This year, at the annual meeting of the American College of Cardiology (ACC), Dr. Abraham Verghese, the noted infectious disease specialist, author and Vice Chairman of the Department of Medicine at Stanford Medical School gave the keynote address. He entitled his talk, “I Carry your Heart” after the ee cummings poem and spoke about what “heart” means. When you speak to a group of cardiologists who are among them the most knowledgeable heart specialists in the world, it is an act of courage for an infectious disease expert, and a novelist, to come and tell them what “heart” means. But his talk was about the two types of hearts – the biological heart we study and probe and repair with surgery and with pharmacy, and the spiritual heart that connects us as individuals.
For many years, Dr. Verghese has written eloquently about the need to retain, and even improve humanism in medicine. He laments the fact that medical students now spend about 40% of their time on the computer instead of with the patient when they are on the clinical wards. He worries that it takes an emergency medicine physician an average of 140 clicks of the computer mouse to admit a patient, and that the electronic medical record is losing the patient narrative as it focuses on the numbers and standard algorithms.
In one interview, related to his speaking at the ACC meeting, Dr. Verghese says, “…Society will judge us poorly 20 years from now. They’ll look back and say, “You were complicit. Why did you let EPIC and all these electronic medical records rule your life? You actually signed up to learn the new ICD codes and plug them in. Exactly what did this do for patient care?” And the answer is that it did nothing for patient care.”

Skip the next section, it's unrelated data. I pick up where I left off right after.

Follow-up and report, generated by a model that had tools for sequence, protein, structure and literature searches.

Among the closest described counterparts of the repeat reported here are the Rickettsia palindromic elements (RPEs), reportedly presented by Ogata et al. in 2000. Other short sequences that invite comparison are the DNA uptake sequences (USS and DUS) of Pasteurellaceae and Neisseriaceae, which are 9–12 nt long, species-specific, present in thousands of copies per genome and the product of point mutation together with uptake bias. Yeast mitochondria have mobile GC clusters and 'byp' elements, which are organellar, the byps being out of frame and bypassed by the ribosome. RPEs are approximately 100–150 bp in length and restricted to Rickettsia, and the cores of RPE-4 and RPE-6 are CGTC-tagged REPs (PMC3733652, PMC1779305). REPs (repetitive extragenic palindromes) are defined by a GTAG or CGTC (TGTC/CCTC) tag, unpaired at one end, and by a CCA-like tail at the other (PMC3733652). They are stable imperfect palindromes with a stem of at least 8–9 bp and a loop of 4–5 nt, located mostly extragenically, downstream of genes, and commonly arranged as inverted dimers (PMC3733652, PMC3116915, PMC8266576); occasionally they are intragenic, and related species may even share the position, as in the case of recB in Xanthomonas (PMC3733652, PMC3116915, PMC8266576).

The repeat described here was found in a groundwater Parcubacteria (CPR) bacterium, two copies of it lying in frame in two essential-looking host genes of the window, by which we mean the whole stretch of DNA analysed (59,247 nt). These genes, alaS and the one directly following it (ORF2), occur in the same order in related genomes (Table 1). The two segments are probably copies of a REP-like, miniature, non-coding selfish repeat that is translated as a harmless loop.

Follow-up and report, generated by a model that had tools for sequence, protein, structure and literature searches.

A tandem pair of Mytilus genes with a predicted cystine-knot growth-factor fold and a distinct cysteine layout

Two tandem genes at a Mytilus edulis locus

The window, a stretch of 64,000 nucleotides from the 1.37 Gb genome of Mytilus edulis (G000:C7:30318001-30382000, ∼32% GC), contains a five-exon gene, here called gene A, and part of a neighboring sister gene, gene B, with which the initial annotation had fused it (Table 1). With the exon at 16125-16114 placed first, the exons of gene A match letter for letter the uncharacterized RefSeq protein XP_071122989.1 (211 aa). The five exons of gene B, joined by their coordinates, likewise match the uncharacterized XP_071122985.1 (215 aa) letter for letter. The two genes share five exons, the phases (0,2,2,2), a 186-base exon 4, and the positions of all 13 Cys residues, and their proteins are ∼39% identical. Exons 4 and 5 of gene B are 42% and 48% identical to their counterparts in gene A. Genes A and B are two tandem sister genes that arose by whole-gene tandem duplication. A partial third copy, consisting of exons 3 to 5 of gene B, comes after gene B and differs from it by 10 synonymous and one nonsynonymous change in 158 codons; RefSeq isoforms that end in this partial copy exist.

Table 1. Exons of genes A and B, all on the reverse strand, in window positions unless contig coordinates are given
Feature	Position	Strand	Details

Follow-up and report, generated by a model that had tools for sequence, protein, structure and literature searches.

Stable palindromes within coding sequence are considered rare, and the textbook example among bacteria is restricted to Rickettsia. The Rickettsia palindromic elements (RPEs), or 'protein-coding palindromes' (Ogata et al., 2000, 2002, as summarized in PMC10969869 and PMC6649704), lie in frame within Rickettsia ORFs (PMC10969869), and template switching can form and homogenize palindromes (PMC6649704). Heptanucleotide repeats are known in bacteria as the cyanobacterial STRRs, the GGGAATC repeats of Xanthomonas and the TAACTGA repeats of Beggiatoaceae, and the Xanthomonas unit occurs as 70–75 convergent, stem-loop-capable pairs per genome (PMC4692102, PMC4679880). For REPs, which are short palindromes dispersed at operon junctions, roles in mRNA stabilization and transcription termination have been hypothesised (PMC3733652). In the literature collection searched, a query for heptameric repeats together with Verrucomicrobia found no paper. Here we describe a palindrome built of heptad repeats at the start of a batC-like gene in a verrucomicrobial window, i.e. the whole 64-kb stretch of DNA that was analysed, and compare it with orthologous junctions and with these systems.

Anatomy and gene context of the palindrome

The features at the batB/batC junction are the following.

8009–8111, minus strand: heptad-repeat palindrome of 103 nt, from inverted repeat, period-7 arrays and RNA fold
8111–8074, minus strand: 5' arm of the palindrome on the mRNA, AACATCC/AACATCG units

The computer focuses on data and transaction capture for billing and review purposes, rather than the flow of the patient’s story and their journey through illness. It monitors and directs the use of standard algorithms in a world in which patients are not standard (see my previous post). This altered focus is changing the heart of medicine. It is changing the spiritual nature of the doctor/nurse/patient relationship to a series of standardized tasks that can potentially be done without human intervention at all. There are those, such as Vinod Khosla, who speculate that this is a good thing: that the computer dynamic will remove all errors from the clinical pathways that the limited knowledge of any single physician is prone to. That view however, leaves out a critical element in helping the sick overcome their illnesses. It leaves out the human connection we all need.
Clearly no one, least of all Dr. Verghese, is suggesting we give up the strong potential for technology to improve care. Rather he is saying that in addition to having the best MRI of the heart, the best computer algorithms to guide treatment, we need the human understanding of a person’s story, including their struggles, their hopes and their dreams, to truly treat the person. He quotes Paracelsus who advises physicians, “To love the sick, each and every one of them, as if they were our own.” It is hard to “love” the individual patient if your view of them is only gained through the data on a computer screen.
Physicians and nurses, and all health professionals are given the privilege of knowing people in ways that few others do. People open up their hidden vulnerabilities; they disrobe in the exam room and tell their doctors and nurses secrets that they do not even tell family and friends. They look to their health professionals to treat those vulnerabilities and those secrets with a sacred trust that is exalted above the usual human interactions. That cannot and should not be lost to an information revolution that reinterprets everything into zeros and ones.
Dr. Seth Bilazarian, writing about Dr. Verghese’s appearance at the ACC meeting, speaks about the lack of enthusiasm, hope and eagerness for the future of many physicians he spoke to at the meeting. He sees sadness and a sense of resignation among those physicians. The health care finance experts and computer experts, who are involved in the push towards computer run medicine, while well intended, don’t appear to understand or value the spiritual heart necessary in medicine. This can create a bleak future for doctors and patients alike.
Dr. Bilazarian sees some hope in the fact that people like Dr. Verghese are actively speaking and writing about the need to maintain the care of the spiritual heart and not only the physical heart. I see hope in the numerous efforts to better integrate humanities into medicine, such as the Business Innovation Factory and Robert Wood Johnson Foundation “Narrative Play Book” effort and in efforts such as ours at Accolade to develop operational systems that focus on patients as complex, unique, autonomous people.